Unconscious Stereotypes Slow Newsroom Diversity
Lehrman, Sally, The Quill
Many newsroom managers make an effort to hire, promote and encourage people of all backgrounds to succeed. Yet, America's newsrooms have remained mostly white and male. Why?
Sociologists and psychologists have discovered hidden barriers that help explain the glacial pace of change within many an industry, even when the best intentions really exist. Without realizing it, they say, we all favor people most like ourselves. These natural human processes play into newsroom cultures and systems that tend to give white and male journalists an advantage.
Today, many editors will tell you they know exactly what they want in an "ideal journalist" - in job postings on journalismjobs.com, they seek reporters who are "goal driven" and "aggressive," prepared to compete with the "big boys." Important qualities, certainly, but is this male stereotype really all there is to it? What about being persistent, verbally talented, or good at developing trust with sources? These skills, stereotypically female, are just as important.
Because they operate at an unconscious level, stereotypes have their most power when people make subjective choices or must rely on incomplete information. Absent professional personnel practices, that's the way newsrooms tend to assign and promote, and when diversity remains unspoken and invisible except when it's time for staff counts, the ambiguity creates a lot of room for guesses and misunderstandings.
Scientists who study human interactions say this is when unconscious expectations and imagery- the stories and assumptions that everyone grows up with - can take over. Implicit stereotypes begin to limit people's opportunities, but may go unnoticed and unquestioned. Those in the minority - because of their sexual orientation, use of mobility equipment, or any other reason - may turn to stereotypes as well as they try to interpret and anticipate their colleagues' expectations.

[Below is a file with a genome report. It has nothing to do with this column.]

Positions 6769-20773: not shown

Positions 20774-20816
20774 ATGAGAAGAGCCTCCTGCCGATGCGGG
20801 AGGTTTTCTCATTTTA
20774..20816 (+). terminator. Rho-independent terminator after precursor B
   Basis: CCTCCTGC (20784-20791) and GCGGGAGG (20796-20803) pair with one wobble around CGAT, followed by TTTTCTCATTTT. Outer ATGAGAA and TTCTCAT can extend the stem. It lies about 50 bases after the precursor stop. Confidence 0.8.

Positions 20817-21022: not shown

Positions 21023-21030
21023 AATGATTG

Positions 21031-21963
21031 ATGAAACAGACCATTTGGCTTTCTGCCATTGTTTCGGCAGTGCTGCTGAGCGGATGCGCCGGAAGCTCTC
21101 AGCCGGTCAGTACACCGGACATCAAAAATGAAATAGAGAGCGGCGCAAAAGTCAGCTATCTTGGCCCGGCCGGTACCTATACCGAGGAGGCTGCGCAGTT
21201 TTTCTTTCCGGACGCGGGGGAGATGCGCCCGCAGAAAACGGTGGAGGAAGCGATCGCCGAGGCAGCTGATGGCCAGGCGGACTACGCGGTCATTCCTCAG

When a stereotype is in play, the people affected by it tend to act unconsciously in alignment with it. Told that females usually perform poorly on a particular math test, women are likely to do just that. Otherwise, they score just as well as white men. The same thing happens when black people are asked to mark their race at the beginning of a difficult verbal test or are told that it measures intellectual ability. Or when a teacher starts talking about "white males," those students often begin to feel threatened and uncomfortable. Social psychologists Claude Steele and Joshua Aronson studied this phenomenon at Stanford University. In their research, students' scores reflected racial and sexual stereotypes when the test situation "primed" them in some way. Otherwise, they fared the same as everyone else.
Stereotype threat am stand in the way of mentoring, an important means for less-experienced journalists to develop their skills and climb the ladder. White men might avoid relationships with people of another gender, race, physical ability or sexual orientation for fear of making a misstep or being judged. Yet they are the ones most often in a position to offer support and advice. In experiments at Stanford, when white men thought they'd be discussing racial profiling with black men instead of love and relationships, they moved their chairs further away. "What's interesting is that it's not related to how prejudiced they are," Steele says.
The U.S. public is now one-third Latino, Asian American, African-American and American Indian. The country will, the U.S. census says, be half "minority" by 2050. Yet 40 percent of the daily papers that reported to the American Society of Newspaper Editors on hiring and retention employ no journalists of color at all. Today, at the 926 daily newspapers that sent in their numbers, the share of journalists of color has reached just 13.4 percent. Broadcast data is equally discouraging - almost all of the numbers for journalists of color slipped last year, especially in radio. …